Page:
(A) It used to be said that a diesel electric locomotive was, in terms of cost, very roughly one third diesel engine, one third "locomotive mechanical portion" (carbody, trucks, airbrakes...) and one third electrical gear. Maybe -- the electrical part being where the biggest technological innovations have been -- the elctricals would now be a FAT one third. Now, the ES44C4 gets rid of one third of the traction motors and one third of the inverters but still has the whole generator. Reduction in cost: maybe 10%, but I'd be surprised to learn it was that much,

(B) Back in the 1970s I remember it being said (a propos of SCL's purchase of new GE-built road slugs ("MATEs") to go with their U36B) that a C-C unit tended to be about 20% more expensive than the corresponding B-B: a corresponding A1A-A1A ought, therefore, to be somewhere between these. Split the difference (assume, in the absence of any more precise estimate, that the A1A-A1A is 10% more expensive than the B-B) and we get the A1A-A1A being about 8.7% less expensive than the C-C.

So maybe -- until we hear more -- we should think in terms of the cost-savings on an ES44C4, relative to an ES44AC, as being approximately in the neighborhood of something like roughly 9%. Which doesn't, perhaps, sound all THAT impressive. But remember, BNSF is a company that can, without making big headlines, buy 350 locomotives in one year! At which point even small-seeming savings begin to add up.
I have read some "informed speculation" on other boards that GE's wants to be able to sell the ES44AC-4 for about the same price as an ES44DC....

kf7strng
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Re: New "A1A" ES44 locomotive for BNSF (ES44C4)

Post by kf7strng » Sun Feb 15, 2009 11:40 pm

Thank you V8Interceptor! That is the info I was after! Cheers!

Nasadowsk
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Re: styles of motor

Post by Nasadowsk » Mon Feb 16, 2009 9:45 pm

Allen Hazen wrote: Alternative mountings reduce the unspring mass. In a quill drive (as on the GG-1 electric of blessed memory) the motors were mounted entirely on the truck frame: there were spring connections between the quill and the wheel so the motors themselves didn't have to move up and down when the axle did. Another alternative (that has been used on some high-speed European passenger power, I think) is to have the traction motors inside the carbody, connected by cardan shafts to a gear-box on the axle: gear box plus half of cardan shaft is a lot less unsprung mass than gears and half of traction motor!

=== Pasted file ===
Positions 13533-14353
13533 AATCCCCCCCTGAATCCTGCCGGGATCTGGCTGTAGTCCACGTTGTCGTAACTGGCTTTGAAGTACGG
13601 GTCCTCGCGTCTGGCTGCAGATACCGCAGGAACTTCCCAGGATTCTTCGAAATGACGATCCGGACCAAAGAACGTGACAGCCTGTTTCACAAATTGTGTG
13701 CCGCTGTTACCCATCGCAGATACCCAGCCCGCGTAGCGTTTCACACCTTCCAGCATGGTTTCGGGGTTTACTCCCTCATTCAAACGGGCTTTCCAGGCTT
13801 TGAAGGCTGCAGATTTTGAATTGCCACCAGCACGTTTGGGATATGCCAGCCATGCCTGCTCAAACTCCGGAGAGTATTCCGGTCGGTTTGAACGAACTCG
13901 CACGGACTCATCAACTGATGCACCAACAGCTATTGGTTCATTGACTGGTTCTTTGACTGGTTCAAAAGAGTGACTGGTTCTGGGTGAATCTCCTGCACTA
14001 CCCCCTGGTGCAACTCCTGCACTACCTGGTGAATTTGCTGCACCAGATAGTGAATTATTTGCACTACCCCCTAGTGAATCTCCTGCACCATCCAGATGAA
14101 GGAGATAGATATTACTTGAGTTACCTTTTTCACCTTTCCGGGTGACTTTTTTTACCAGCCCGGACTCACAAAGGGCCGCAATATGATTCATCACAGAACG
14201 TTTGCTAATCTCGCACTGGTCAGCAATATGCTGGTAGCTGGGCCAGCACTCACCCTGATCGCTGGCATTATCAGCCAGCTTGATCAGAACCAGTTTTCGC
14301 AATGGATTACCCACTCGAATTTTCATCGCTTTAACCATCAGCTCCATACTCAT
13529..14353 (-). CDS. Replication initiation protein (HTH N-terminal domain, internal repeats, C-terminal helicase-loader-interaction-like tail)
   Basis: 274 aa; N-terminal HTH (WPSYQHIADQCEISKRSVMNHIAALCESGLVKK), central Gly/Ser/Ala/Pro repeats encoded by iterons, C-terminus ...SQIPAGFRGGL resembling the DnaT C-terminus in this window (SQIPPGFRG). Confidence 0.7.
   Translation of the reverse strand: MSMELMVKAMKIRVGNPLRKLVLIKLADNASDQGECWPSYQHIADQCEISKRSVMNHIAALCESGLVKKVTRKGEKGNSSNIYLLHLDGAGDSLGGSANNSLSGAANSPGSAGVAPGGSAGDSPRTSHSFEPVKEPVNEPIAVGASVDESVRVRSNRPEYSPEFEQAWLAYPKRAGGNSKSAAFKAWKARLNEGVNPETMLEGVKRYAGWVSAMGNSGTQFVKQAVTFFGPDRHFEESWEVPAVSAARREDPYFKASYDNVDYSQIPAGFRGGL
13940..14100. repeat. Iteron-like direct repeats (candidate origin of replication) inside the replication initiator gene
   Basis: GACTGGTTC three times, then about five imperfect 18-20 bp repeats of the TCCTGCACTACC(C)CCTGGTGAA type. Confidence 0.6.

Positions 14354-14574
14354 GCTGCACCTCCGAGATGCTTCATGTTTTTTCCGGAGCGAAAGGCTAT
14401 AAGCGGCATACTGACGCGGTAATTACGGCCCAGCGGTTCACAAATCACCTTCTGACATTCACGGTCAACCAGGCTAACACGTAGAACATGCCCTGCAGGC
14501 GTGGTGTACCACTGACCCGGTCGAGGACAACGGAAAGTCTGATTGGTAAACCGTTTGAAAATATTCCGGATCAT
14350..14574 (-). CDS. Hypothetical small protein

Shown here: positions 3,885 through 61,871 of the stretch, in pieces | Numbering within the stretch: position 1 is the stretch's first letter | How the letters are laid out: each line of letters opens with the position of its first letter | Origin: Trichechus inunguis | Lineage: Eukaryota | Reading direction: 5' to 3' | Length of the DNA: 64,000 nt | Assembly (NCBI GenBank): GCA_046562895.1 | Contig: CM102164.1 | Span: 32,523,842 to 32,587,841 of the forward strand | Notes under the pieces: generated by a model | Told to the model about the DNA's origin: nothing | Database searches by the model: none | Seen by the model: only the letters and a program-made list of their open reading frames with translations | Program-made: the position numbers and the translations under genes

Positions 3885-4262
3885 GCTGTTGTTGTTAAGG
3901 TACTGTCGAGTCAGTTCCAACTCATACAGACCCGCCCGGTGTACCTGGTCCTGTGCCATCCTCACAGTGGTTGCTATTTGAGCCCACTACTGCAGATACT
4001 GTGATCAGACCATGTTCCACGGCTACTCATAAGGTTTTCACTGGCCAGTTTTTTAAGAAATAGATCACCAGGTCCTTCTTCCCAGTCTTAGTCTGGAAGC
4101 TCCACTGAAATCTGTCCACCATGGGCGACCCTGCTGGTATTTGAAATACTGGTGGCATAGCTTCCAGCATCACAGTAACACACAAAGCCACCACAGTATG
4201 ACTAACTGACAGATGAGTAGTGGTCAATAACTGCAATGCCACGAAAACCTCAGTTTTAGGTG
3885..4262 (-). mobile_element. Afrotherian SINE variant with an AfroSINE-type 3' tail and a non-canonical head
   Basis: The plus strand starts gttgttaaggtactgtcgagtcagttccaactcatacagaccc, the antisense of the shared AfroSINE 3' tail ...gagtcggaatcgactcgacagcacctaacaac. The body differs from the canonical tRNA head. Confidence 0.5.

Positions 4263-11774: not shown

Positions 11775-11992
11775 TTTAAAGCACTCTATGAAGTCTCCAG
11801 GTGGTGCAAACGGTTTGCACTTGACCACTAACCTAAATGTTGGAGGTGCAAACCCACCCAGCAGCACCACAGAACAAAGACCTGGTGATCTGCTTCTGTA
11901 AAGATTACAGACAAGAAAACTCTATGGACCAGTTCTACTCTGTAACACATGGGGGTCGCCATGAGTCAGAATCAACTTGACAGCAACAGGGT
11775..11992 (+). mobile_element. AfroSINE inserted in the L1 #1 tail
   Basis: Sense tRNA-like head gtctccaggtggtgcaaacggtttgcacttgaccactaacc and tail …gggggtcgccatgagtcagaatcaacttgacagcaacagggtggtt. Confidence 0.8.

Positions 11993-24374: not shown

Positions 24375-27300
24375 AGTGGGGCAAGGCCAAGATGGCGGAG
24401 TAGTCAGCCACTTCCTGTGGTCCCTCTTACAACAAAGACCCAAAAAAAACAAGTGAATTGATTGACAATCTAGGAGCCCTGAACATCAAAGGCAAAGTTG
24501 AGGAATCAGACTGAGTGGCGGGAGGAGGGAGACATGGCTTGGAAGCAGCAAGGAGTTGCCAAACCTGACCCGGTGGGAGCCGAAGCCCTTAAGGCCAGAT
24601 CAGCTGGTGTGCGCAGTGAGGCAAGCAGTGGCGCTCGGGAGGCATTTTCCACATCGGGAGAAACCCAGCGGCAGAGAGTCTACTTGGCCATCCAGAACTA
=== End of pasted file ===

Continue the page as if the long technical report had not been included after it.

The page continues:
Quill drive, AFAIK, is pretty much standard in Europe, now. All electrics in the US have it, too.

The TGV and Pendolinos have body mounted motors - on the TGV, they're where you'd expect the motors to be, just attached to the body, instead, and use the well-known 'tripod' shaft/drive. On the Pendolino, they're mounted "RDC-Style" and driven the same way. The French also had monomotor locomotives - I don't know how they were built. I think all the current stuff in Europe, save for the high speed stuff listed above, is quill drive, including the ICE. I'm sure Stadler or Talgo have a few interesting arrangements, since they generally tend to build stuff that attacks a specific problem in a unique way. There might be a few DMUs or EMUs in Germany with body mounted motors, I'm thinking of the ones that run 11+ inches cant deficiency, and IIRC they are body mounted motors, too.

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Re: New "A1A" ES44 locomotive for BNSF (ES44C4)

Post by Super Seis » Thu Feb 19, 2009 8:45 pm

I suspect the reason for the A-1-A configuration is to obtain the performance (starting tractive effort) of the ES44DC in an AC package. AFAIK, most roads forbid mixed consists of AC and DC units by timetable.

The days of electrically operated intake and exhaust valves are on the way, which will enable variable valve timing and consequent optimization of combustion at all notches. BMW has been doing this for years, using a mechanical hydraulic system.

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CN5789
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Re: New "A1A" ES44 locomotive for BNSF (ES44C4)

Post by CN5789 » Wed Mar 04, 2009 2:49 pm

BNSF and GE have figured out that a 4 A.C. traction motor unit will produce the same traction as a 6 D.C. traction motor unit. BNSF intends these unit's for: intermodal, manifest, grain (BNSF only uses DC units in grain service anyway). These units will not be seen on coal where you need all 6 axles, also as far as everyone talking about the additional rigging on the Hi-ad truck that is driver weight management device for the center axle not being ballasted those are not additional brake cylinders.